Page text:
Principal upset by article tries to prevent reporter from participating in graduation


Refusing to be intimidated, student wins battle to walk across stage with 2001 class





VIRGINIA -- Principal Pamela Latt did not want to talk to Nicole\nShort. After all, the Centreville High School senior had already\npublished several other articles that did not reflect well on\nthe school or Latt.

This time, Short was investigating why the suburban Washington,\nD.C., school had the highest teacher turnover rates in the county,\nrates that many attributed to Latt's administration. So when Short\nasked her to comment for the story, she said no.

"Frankly, I don't have time for you, Nicole," Latt\nsaid, a quote that Short included in her story about one teacher's\ndecision to leave the school.

Infuriated by the publication of her quote, Latt threatened\nto keep Short from participating in graduation ceremonies, only\nbacking down hours before the ceremony to allow Short to walk\nacross the stage with the rest of her class.

Short said she had been threatened with punishment in the past\nfor articles she published, but she was never disciplined. Shortly\nbefore the graduation ceremony, Short came to the office to pick\nup extra tickets for family members when she was approached by\nLatt.

Short recalled that Latt stopped her in a busy office, told\nher including the quote was a real "cheap shot" and\nsaid she would not be allowed to participate in graduation.

"I wouldn't think you'd want to attend tonight seeing\nhow you despise this school and all," Short said Latt told\nher.

Sentinel adviser Diane Ferguson said she thought Latt's actions\nwere just a last chance to get revenge on Short for the critical\nstories. Ferguson said she had almost no training in running a\nschool newspaper, allowing administrators to easily control her.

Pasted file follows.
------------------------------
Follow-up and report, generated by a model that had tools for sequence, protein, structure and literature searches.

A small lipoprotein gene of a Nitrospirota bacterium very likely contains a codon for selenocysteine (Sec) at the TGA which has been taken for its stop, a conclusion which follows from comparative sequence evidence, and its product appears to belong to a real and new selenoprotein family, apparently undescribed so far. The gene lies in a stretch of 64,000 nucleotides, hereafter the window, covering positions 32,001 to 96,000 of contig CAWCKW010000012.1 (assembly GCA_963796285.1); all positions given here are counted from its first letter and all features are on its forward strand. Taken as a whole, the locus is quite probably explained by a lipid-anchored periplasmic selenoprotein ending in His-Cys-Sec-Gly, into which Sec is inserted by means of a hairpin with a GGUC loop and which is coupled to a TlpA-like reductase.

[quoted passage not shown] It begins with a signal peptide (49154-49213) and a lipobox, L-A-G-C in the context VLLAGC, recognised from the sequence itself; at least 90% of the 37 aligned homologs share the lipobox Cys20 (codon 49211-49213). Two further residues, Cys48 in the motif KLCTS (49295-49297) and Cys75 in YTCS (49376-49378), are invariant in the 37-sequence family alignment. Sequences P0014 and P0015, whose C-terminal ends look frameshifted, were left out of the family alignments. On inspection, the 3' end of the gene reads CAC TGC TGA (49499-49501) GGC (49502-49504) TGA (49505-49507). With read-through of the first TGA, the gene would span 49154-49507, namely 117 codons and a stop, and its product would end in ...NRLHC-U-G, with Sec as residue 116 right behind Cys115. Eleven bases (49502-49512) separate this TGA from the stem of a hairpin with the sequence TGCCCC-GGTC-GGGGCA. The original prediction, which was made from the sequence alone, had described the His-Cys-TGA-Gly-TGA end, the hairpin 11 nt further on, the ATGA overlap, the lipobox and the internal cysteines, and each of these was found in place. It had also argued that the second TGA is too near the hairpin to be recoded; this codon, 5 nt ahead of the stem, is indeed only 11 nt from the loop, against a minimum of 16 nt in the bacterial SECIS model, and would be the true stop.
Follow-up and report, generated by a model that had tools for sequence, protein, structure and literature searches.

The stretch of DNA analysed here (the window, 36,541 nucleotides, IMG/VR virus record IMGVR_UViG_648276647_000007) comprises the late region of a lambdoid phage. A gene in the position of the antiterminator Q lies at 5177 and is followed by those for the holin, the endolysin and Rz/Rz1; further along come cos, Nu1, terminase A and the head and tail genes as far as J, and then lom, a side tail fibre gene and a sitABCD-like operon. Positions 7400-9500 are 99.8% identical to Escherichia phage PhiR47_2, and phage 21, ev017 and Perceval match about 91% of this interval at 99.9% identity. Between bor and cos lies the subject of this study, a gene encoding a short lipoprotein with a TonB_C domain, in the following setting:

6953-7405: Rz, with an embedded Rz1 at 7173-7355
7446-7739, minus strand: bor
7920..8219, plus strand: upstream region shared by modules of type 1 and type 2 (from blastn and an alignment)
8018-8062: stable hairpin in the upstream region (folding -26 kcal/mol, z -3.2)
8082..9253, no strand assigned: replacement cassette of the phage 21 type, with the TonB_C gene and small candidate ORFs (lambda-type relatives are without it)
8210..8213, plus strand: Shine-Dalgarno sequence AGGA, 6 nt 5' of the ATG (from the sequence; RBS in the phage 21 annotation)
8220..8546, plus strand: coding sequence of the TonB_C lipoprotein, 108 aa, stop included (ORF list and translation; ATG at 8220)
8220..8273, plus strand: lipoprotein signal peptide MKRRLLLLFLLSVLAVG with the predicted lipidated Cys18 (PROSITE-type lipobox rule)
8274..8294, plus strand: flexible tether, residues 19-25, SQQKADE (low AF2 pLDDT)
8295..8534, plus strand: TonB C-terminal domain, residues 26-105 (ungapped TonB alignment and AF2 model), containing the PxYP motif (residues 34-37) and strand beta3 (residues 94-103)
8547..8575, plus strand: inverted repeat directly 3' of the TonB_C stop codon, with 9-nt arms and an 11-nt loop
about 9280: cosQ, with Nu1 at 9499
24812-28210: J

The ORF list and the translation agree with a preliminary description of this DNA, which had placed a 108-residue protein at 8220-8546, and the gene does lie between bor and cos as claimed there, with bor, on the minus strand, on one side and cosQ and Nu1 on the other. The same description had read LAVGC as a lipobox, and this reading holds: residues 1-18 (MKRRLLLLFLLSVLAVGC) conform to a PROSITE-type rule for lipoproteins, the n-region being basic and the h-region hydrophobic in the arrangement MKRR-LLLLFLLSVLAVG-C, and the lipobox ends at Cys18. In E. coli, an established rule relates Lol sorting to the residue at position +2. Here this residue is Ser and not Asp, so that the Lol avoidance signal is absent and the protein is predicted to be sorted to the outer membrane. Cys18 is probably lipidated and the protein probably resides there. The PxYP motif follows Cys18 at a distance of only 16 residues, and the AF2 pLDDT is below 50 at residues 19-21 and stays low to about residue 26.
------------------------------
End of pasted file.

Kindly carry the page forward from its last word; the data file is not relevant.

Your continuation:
"I felt that part of the reason why they let me do the\njob was that it is much easier to control somebody that doesn't\nknow anything," Ferguson said.

She said when Short joined the staff, she was active in standing\nup for the paper's rights, and was instrumental in ending the\npaper's practice of giving the principal prior review.

"She knew way more than I did about what's right and what's\nnot," Ferguson said.

Ferguson herself decided to leave Centreville partly because\nof the school's administration, and she said Short's article about\nturnover got many teachers talking about the issue.

"By no means is Nicole the load on the camel's back, but\nI believe this story was a big, huge straw," Ferguson said.\n"It finally brought to light a lot of these rumblings."\n

Latt did not return repeated calls made to her office by the\nReport, but Fairfax County Public Schools spokesman Paul Regnier\nsaid Short missed a graduation rehearsal and did not have a doctor's\nnote excusing her. Short said she had permission to miss the rehearsal\nfrom a counselor.

"This was an issue of having that note," Regnier\nsaid. "She was being treated no differently than anyone else."


Fall 2001, reports